Brought to our knees in prayer, we found that God provided answers in His timing while gently making all of us more adaptable to the situation. We were enabled to cope with our son's health problems, including two years on an apnea monitor. Our children learned to accommodate their younger brother's considerable needs and to aid in his development by loving him up and playing with him. My husband quit his job and started an in-home business so he could be around to help (and God blessed that business so that it supported our family for the next 12 years). Ultimately, we were enabled to keep homeschooling so that all of our children are now adults who were homeschooled through high school.

But these weren't things we did on our own; these were things God helped us to do. As a homeschooling mom, I wasn't some kind of superwoman who just had to put on the red and gold bodysuit. It took prayer, not Spandex. So if you need help coping with the situations you face as a homeschooling mom, pray for help and guidance, and you, too, can stretch like Elastigirl!

Copyright 2013 Barbara Frank/ Cardamom Publishers

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Barbara Frank homeschooled her four children for 25 years and has written several books related to homeschooling. You'll find her on the web at www.cardamompublishers.com, www.barbarafrankonline.com and www.thrivinginthe21stcentury.com

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Your feedback is always welcome! Just send your email to heather(at)familyclassroom.net

 

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Winning Website
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Math Munch

A Weekly Digest of the Mathematical Internet

From the site: "We write Math Munch for everyone who takes pleasure in reading it. Most of all, though, we write it for our own students -- to share math with them that we find meaningful, amazing, and inspiring. Each week we create a post that curates some of the great mathematical resources of the internet. Websites, videos, articles, applets -- we share them all to help our students build positive and personal relationships with mathematics."

This blog-style website is always kept current -- well worth checking out! :-)

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Helpful Tips
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Fresh Music for Little Ones

"For those of you with littles, here are a bunch of kid songs you can get for free from Amazon right now. I know hearing the same ones over and over gets old so maybe you can expand your collection with some of these. Or at least a different twist on some favorites!" -- Jodi in Iowa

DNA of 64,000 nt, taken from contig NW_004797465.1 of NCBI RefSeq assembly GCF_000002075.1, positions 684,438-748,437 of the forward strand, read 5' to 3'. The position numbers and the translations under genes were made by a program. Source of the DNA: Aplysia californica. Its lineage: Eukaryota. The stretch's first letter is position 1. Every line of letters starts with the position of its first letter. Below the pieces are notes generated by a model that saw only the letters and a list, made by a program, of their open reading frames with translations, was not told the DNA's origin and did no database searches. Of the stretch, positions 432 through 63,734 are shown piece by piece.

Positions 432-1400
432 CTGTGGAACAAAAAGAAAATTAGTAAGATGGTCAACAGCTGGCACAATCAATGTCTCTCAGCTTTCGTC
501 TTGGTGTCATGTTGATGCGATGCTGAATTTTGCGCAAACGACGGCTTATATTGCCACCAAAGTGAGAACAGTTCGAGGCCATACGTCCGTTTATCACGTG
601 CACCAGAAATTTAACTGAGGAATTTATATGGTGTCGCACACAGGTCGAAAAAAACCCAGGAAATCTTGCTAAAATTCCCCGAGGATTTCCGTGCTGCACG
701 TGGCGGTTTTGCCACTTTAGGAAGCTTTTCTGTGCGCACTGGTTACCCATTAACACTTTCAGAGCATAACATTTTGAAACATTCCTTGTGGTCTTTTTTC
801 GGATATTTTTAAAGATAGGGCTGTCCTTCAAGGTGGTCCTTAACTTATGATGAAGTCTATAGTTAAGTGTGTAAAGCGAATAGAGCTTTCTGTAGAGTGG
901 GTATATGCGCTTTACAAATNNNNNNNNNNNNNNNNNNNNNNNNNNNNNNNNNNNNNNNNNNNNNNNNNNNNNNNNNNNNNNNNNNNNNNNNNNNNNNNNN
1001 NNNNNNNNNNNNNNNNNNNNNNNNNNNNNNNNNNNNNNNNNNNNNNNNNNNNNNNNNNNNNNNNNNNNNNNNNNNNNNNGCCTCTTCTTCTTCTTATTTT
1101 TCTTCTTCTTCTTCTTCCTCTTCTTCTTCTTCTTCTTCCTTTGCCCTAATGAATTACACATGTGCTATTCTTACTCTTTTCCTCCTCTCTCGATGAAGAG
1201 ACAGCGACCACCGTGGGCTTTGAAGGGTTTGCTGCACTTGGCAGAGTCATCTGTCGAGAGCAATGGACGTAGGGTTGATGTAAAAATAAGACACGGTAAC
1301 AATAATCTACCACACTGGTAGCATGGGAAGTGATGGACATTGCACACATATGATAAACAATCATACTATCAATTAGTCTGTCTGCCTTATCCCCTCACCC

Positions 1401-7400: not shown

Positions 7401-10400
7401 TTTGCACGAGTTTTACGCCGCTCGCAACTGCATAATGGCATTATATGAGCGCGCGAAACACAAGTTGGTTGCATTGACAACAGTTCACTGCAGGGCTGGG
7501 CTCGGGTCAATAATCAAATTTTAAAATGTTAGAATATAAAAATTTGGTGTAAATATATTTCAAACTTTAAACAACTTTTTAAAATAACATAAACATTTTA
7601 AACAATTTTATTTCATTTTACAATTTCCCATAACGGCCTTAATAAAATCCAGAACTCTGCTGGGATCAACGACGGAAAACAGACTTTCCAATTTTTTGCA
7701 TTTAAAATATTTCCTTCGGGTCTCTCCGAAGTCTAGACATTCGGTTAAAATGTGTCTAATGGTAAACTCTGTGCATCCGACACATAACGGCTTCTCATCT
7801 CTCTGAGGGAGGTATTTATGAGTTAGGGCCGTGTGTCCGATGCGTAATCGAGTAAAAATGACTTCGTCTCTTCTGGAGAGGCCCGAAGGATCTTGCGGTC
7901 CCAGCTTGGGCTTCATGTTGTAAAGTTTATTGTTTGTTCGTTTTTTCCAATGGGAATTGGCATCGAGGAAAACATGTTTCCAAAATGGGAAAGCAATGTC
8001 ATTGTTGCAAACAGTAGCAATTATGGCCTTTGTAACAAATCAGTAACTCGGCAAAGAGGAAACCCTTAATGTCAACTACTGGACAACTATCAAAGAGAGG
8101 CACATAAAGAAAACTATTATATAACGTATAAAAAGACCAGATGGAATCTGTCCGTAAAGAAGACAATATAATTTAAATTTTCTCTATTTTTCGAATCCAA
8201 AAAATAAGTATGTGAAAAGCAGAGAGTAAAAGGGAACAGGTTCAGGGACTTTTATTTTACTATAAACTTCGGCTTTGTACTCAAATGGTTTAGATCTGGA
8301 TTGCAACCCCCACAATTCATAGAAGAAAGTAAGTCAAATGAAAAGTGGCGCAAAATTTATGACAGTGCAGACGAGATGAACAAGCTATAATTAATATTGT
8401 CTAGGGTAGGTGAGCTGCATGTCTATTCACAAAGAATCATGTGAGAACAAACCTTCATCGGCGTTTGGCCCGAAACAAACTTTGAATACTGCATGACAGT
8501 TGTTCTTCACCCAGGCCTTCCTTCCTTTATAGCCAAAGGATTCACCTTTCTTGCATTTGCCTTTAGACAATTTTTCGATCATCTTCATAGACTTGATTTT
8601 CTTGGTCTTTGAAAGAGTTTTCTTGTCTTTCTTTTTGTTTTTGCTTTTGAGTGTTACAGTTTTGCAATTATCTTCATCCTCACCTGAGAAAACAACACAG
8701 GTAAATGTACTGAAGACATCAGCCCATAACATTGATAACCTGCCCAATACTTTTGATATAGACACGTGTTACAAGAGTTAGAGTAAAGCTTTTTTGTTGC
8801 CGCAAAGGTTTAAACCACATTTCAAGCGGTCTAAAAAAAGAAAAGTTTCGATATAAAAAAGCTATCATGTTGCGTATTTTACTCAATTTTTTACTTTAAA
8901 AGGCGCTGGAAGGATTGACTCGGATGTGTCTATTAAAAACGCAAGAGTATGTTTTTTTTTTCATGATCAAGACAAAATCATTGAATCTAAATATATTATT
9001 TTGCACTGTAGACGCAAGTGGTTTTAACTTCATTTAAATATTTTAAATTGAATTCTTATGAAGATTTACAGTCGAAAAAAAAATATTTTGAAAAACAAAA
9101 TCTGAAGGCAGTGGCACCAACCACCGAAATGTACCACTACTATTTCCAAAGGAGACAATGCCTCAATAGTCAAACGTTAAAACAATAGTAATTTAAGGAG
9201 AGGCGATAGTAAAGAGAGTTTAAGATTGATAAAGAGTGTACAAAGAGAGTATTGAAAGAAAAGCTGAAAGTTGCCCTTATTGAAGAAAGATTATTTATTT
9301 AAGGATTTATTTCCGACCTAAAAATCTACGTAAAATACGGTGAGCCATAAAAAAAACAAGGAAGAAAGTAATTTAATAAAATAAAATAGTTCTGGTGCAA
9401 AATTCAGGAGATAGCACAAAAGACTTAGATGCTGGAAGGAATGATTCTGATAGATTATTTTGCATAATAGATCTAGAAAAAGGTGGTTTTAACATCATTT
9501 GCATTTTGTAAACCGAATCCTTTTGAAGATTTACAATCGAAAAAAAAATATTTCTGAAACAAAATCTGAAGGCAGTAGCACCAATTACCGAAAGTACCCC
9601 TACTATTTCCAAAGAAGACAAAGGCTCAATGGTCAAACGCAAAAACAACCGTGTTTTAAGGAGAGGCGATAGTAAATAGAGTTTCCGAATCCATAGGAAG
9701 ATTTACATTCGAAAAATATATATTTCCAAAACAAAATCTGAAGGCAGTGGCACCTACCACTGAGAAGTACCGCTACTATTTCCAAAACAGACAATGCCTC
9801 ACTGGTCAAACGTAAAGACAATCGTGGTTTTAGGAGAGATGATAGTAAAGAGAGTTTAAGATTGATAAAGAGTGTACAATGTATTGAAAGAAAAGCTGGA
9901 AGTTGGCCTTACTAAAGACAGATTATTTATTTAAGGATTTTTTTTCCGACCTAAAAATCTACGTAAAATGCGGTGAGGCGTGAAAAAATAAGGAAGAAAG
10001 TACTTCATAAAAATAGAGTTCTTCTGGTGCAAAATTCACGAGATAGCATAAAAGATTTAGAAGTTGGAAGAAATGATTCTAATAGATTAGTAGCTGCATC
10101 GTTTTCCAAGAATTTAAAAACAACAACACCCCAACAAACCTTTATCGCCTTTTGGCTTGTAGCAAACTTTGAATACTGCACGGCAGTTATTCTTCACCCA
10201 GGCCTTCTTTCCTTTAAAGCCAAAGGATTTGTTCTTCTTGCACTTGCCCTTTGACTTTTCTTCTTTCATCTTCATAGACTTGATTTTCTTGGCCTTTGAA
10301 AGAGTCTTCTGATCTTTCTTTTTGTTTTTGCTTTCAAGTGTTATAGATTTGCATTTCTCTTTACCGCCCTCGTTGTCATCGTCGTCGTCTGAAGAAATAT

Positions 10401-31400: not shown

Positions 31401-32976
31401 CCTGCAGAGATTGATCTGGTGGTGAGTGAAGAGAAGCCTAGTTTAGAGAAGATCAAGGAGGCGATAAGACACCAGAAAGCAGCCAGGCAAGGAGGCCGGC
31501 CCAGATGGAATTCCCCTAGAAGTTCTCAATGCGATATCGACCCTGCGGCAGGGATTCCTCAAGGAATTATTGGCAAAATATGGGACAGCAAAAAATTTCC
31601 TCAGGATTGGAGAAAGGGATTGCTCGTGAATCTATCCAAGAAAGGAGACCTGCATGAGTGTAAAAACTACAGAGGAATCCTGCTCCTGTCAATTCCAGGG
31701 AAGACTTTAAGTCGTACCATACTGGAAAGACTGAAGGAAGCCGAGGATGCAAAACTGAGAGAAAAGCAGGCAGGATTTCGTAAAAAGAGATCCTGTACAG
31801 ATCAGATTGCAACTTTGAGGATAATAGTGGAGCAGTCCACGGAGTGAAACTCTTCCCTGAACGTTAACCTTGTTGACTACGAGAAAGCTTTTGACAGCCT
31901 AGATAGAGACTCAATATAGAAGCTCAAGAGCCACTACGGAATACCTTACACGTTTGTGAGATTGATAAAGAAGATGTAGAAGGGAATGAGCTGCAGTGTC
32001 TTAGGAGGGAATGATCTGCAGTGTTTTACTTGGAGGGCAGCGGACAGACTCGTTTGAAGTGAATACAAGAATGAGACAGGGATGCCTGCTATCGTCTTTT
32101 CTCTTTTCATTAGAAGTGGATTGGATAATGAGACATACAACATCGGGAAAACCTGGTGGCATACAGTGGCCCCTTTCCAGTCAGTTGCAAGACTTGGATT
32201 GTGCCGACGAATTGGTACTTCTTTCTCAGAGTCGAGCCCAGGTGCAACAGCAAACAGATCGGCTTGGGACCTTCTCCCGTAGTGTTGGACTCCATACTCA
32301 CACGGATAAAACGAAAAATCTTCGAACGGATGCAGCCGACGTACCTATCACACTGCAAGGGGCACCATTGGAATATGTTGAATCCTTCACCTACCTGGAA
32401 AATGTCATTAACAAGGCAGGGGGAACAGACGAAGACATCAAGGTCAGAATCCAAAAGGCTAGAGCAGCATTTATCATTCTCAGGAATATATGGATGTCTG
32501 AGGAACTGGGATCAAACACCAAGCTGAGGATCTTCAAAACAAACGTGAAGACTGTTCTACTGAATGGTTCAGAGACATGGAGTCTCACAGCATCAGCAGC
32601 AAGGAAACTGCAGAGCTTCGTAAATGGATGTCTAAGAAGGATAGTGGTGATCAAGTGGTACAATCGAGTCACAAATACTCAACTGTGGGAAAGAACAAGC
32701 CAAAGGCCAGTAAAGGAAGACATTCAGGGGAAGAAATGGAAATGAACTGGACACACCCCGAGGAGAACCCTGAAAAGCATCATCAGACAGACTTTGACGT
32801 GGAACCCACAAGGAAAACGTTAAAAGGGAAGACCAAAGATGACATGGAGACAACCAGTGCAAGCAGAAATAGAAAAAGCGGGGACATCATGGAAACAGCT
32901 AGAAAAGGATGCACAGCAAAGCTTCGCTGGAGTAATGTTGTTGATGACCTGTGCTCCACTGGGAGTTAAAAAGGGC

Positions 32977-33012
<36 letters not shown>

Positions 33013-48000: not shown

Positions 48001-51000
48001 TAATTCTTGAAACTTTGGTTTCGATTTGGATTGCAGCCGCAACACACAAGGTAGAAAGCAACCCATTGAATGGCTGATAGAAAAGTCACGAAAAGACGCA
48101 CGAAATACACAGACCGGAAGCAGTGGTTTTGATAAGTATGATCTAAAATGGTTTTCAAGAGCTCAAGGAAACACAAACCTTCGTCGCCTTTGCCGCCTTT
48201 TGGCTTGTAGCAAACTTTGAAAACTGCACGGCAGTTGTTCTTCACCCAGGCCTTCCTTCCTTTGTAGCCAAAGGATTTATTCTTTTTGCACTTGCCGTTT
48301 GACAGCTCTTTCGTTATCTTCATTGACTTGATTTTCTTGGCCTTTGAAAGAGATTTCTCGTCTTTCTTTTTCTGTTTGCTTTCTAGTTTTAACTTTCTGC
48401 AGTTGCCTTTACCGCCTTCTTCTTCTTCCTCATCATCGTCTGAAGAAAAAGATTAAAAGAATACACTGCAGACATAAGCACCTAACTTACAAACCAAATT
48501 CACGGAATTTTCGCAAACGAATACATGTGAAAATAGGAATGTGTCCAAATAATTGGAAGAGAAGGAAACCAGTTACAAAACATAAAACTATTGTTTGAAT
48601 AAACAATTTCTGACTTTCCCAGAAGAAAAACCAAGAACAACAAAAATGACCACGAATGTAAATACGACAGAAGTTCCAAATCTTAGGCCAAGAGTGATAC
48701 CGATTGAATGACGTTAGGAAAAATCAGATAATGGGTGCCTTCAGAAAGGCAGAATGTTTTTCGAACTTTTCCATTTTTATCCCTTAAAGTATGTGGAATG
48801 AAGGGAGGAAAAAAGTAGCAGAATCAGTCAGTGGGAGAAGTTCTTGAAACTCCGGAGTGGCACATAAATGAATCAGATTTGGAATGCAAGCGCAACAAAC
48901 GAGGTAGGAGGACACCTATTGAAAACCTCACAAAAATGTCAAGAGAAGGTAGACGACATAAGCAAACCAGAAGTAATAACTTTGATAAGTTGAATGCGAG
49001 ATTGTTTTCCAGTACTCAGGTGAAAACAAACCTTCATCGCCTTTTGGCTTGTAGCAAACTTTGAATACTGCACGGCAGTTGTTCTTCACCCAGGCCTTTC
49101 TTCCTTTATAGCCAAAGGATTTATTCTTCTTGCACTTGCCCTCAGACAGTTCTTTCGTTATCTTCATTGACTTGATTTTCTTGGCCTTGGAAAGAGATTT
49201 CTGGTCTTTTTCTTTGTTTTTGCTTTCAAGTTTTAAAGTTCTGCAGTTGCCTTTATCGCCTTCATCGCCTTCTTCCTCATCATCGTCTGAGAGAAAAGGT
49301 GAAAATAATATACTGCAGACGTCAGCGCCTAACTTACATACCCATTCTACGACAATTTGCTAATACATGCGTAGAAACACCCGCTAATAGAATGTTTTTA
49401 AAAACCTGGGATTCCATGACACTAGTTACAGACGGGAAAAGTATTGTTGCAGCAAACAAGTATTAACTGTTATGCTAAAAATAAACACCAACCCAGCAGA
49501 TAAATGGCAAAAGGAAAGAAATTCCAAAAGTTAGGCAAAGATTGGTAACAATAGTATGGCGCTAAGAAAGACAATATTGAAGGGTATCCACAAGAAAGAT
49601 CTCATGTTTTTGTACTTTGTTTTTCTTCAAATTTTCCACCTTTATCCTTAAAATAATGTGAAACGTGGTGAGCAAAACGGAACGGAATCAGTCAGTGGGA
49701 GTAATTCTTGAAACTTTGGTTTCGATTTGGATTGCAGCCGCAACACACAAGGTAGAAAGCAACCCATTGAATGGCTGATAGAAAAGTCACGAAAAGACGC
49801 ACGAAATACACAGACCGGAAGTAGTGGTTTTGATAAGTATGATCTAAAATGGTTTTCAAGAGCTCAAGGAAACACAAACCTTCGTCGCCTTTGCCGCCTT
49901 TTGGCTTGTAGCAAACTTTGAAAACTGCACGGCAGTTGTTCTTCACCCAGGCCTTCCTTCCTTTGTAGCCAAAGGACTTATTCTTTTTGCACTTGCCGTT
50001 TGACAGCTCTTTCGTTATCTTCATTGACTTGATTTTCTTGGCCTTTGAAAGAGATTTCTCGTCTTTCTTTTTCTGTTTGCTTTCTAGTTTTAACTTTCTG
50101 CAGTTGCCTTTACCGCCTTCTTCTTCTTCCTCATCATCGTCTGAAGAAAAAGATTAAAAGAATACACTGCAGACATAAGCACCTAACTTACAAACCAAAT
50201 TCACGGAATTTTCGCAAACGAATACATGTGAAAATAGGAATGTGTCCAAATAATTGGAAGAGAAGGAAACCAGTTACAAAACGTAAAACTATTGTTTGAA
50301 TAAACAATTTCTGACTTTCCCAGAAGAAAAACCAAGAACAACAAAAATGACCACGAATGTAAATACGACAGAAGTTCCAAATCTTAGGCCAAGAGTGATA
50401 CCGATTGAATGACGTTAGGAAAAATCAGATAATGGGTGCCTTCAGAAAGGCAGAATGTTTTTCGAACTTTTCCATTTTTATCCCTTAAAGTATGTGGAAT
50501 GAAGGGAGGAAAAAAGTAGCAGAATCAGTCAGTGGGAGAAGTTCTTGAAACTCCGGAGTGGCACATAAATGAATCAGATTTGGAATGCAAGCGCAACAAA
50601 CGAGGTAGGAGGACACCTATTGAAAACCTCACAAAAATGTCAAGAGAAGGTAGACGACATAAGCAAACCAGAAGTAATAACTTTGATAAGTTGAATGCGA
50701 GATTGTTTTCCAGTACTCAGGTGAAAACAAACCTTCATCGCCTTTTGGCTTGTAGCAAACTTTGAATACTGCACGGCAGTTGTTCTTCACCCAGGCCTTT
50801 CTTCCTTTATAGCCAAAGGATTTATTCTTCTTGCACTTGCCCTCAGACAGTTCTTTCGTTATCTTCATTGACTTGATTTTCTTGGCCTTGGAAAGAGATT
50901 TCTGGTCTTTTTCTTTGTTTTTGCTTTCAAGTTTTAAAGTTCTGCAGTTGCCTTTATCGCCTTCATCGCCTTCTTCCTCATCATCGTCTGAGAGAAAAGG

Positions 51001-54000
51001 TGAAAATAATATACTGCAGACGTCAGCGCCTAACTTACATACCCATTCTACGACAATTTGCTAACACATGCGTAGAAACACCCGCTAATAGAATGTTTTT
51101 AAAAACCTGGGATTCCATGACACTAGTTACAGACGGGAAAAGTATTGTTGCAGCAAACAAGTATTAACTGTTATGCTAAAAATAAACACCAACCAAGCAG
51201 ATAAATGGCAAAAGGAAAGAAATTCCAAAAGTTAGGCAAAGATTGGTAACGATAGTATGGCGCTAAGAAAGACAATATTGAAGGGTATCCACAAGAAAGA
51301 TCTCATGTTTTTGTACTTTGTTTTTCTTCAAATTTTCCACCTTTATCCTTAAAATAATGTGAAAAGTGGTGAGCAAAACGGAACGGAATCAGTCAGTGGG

---

Great Article on Writing

Developing Good Writers by Nancy Doran

"This is an excellent article! If you have children who are learning to write, I would suggest reading this article. It gives great advice from a teacher/professional writer's experience." -- Rene in MI

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Distance Estimation Challenge for Kids

"On the way home from a dog walk, my children had a 'discussion' about which would be the quickest way home. As soon as they got in they turned to google distance calculator to see who was right! Plot out your walk and it tells you the distance."
-- Julie - www.homeschooling-ideas.com

 

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Last Issue's Reader Question
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"I'd like to hear advice from those homeschooling their kids who have Auditory Processing Disorder." -- Krystal in Louisiana

 

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Answers...
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"Until you've tried to teach an APD/SPD child, you would think it wasn't real. My son has it (mostly Auditory of all the Sensory processing issues.) He's 9. His retention is very difficult. Even asking me the other day if his middle name was A or B (his or his brother's). He should know his own name by age 9, yes? Math he retains better than anything, reading is very hard for him; keeping all those letters in his brain is tough. It is very real and I personally have shed many tears trying to figure out how to educate him.

Not to mention his discomfort with change, large groups of kids, loud groups of people, etc. He's come a LONG way this last couple of years; I'm so proud of him. But he certainly has a long way to go. I have an older son who had just a couple of issues, but his were pretty mild and easily overlooked. People who don't know my youngest has this do not know there's an issue because he has come so far. But open a book and ask him to read and he'll have a melt down. I have a wonderful group of friends who have kids that are so wonderful and loving toward him. He has not been made fun of for this. And a terrific Awana leader who nurtured and loved him so he became comfortable in a group of kids. This has been SO good for him.